Do My Succulents Need Water?
The Top Ten Tips for Watering Succulents!

Succulents are known for not having to be watered as often as other indoor plants but they still need water to survive. Today we will be discussing how and when to water your succulents.

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Jimena Bolívar

April 18, 2021

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Due to their ability to thrive in harsh desert conditions, succulents have a reputation of being indestructible and therefore perfect for those of us who do not have the greenest of thumbs.

And while it is true that succulents are much more resilient than other houseplants - looking at you gardenia - they still need to be watered to survive.

With this in mind, here are our top ten tips for watering your succulents.

Picture of a Succulent

Tip 1: Only Water Dry Soil.

I’m sure that when you decided to research how to water your succulents, your main concern was whether or not they were getting enough water, but did you know that succulents can be overwatered?

When caring for your succulents, it is important to remember that, being desert natives, they are built to withstand long periods of time without water.

So please, resist the urge to water your succulents every few days and wait until the soil they have been planted in is dry and crumbly, otherwise the prolonged exposure to moisture will cause the roots of the succulents to rot.


In the desert, when it rains, it pours. So when it is time to water your succulents, do so thoroughly.

Tip 2: Pay Attention to the Seasons.

Like other plants, succulents have periods of growth and dormancy.

During periods of growth, succulents must be watered more frequently as they use the water to create new roots, stems, leaves and blooms.

However, when succulents are dormant, they require less water.

As such, knowing when your succulent is dormant versus when it is active is necessary to provide proper care.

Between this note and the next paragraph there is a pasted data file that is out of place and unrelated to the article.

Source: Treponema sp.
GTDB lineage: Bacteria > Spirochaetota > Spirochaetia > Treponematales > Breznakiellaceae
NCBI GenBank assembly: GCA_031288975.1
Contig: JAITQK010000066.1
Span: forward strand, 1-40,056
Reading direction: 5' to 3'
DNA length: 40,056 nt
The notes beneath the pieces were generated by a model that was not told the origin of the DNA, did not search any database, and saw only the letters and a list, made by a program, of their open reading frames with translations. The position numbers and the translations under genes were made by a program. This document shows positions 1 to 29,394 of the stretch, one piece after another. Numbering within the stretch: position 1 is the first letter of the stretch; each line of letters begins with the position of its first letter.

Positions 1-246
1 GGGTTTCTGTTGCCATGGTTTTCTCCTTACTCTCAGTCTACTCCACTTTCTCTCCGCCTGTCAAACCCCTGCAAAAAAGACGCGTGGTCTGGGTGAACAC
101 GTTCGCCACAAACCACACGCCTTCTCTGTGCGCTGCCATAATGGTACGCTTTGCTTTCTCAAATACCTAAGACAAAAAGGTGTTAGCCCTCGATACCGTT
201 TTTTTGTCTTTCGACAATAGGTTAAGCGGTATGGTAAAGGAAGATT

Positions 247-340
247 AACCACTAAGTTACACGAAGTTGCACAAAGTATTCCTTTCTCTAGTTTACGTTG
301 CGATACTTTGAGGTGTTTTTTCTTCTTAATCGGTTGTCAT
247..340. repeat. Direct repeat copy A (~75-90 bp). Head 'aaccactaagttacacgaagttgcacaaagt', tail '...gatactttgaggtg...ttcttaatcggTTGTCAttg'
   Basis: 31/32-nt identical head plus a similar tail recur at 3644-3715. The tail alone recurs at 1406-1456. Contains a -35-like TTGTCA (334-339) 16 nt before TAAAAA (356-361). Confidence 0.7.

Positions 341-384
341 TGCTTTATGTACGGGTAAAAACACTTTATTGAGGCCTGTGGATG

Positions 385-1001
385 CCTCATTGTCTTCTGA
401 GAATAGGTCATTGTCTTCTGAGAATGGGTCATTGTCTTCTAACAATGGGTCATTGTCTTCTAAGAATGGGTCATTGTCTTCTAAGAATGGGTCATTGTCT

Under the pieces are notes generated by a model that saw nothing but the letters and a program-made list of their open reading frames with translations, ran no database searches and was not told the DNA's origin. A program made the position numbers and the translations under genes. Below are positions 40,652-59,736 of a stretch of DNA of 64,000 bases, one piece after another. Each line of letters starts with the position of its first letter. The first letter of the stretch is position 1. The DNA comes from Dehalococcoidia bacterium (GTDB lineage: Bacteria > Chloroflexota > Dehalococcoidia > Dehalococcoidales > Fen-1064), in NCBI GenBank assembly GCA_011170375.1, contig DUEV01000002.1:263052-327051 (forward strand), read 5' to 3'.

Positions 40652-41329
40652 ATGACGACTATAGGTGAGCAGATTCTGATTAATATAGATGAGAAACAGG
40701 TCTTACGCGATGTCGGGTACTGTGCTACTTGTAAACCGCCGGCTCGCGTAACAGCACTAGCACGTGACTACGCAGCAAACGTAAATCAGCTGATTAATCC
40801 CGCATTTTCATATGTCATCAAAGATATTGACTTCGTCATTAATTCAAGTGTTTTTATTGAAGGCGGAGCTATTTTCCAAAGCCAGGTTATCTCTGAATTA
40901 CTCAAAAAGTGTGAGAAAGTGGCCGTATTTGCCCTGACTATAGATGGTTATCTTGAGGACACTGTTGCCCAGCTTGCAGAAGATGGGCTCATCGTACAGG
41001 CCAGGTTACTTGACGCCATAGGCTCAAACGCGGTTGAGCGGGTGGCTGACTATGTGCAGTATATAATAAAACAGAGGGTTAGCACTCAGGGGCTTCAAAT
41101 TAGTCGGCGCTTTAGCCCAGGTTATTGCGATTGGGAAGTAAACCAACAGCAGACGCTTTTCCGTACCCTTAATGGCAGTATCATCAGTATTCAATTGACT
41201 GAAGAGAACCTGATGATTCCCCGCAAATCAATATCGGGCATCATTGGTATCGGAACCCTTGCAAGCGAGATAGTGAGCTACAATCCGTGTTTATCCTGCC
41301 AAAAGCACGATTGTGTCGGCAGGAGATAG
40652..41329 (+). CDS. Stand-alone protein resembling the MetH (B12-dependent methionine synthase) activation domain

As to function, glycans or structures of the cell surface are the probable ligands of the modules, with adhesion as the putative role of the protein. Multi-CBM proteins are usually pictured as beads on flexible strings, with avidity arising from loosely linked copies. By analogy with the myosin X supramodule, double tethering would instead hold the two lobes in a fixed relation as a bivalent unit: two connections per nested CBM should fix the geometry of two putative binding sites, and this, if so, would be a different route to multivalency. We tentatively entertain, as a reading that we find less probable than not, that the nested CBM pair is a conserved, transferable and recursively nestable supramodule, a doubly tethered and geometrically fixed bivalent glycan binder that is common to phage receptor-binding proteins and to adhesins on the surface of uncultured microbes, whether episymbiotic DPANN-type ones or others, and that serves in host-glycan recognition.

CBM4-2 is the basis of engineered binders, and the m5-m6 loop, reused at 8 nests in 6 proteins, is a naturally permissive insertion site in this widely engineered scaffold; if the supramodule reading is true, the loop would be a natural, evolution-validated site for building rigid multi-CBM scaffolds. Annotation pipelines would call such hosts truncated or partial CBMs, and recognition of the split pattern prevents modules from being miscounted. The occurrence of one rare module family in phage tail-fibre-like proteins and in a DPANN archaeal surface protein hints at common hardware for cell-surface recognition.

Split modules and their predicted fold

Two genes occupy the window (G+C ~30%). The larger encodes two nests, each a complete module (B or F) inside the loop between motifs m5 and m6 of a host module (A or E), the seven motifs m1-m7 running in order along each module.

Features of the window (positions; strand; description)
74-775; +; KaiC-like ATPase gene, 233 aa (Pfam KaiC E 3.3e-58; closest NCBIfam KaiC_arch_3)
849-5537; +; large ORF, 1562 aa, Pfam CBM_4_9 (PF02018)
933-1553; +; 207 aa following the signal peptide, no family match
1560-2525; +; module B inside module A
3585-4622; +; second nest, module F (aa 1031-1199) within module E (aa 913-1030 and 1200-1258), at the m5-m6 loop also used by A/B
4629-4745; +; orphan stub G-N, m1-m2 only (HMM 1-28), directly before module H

Fun Fact!

While you may be tempted to assume that all succulents grow in the summer, some species are actually summer dormant.

Examples of Summer and Winter Dormant Succulents:

Summer Dormant Winter Dormant
Aeonium Adenium
Aloe Agave
Dudleya Ceropegia
Kalanchoe Euphorbia
Senecio Lithops

Tip 3: Soil to Succulent Ratio.

Plant pot size is a factor that is often overlooked when caring for succulents.

Soil holds moisture, the bigger your pot is, the more soil required to fill it and vice versa.

Therefore, if the container your succulent has been planted in is on the larger side, it will not have to be watered as often as one in a smaller container.


If your container is far too big, your succulents will die as the soil will not dry.

Tip 4: Exposure to Sunlight.

Sunlight is great for succulents, however, the more heat succulents are exposed to, the more frequently they need to be watered.

To avoid scorching your succulents in direct sunlight, we suggest using a sheer curtain as a shield between your succulents and the sun, especially when propagating.

Tip 5: Adjust for Your Climate.

When deciding how often you should water your succulents, consider your climate.

Do you live in an area that experiences cool temperatures and high humidity for the majority of the year?

If you answered yes, you will need to water your succulents a lot less often than someone who lives in a hot, dry climate.

Tip 6: Create a Schedule.

A quick Google search will tell you that on average, succulents should be watered every two to three weeks.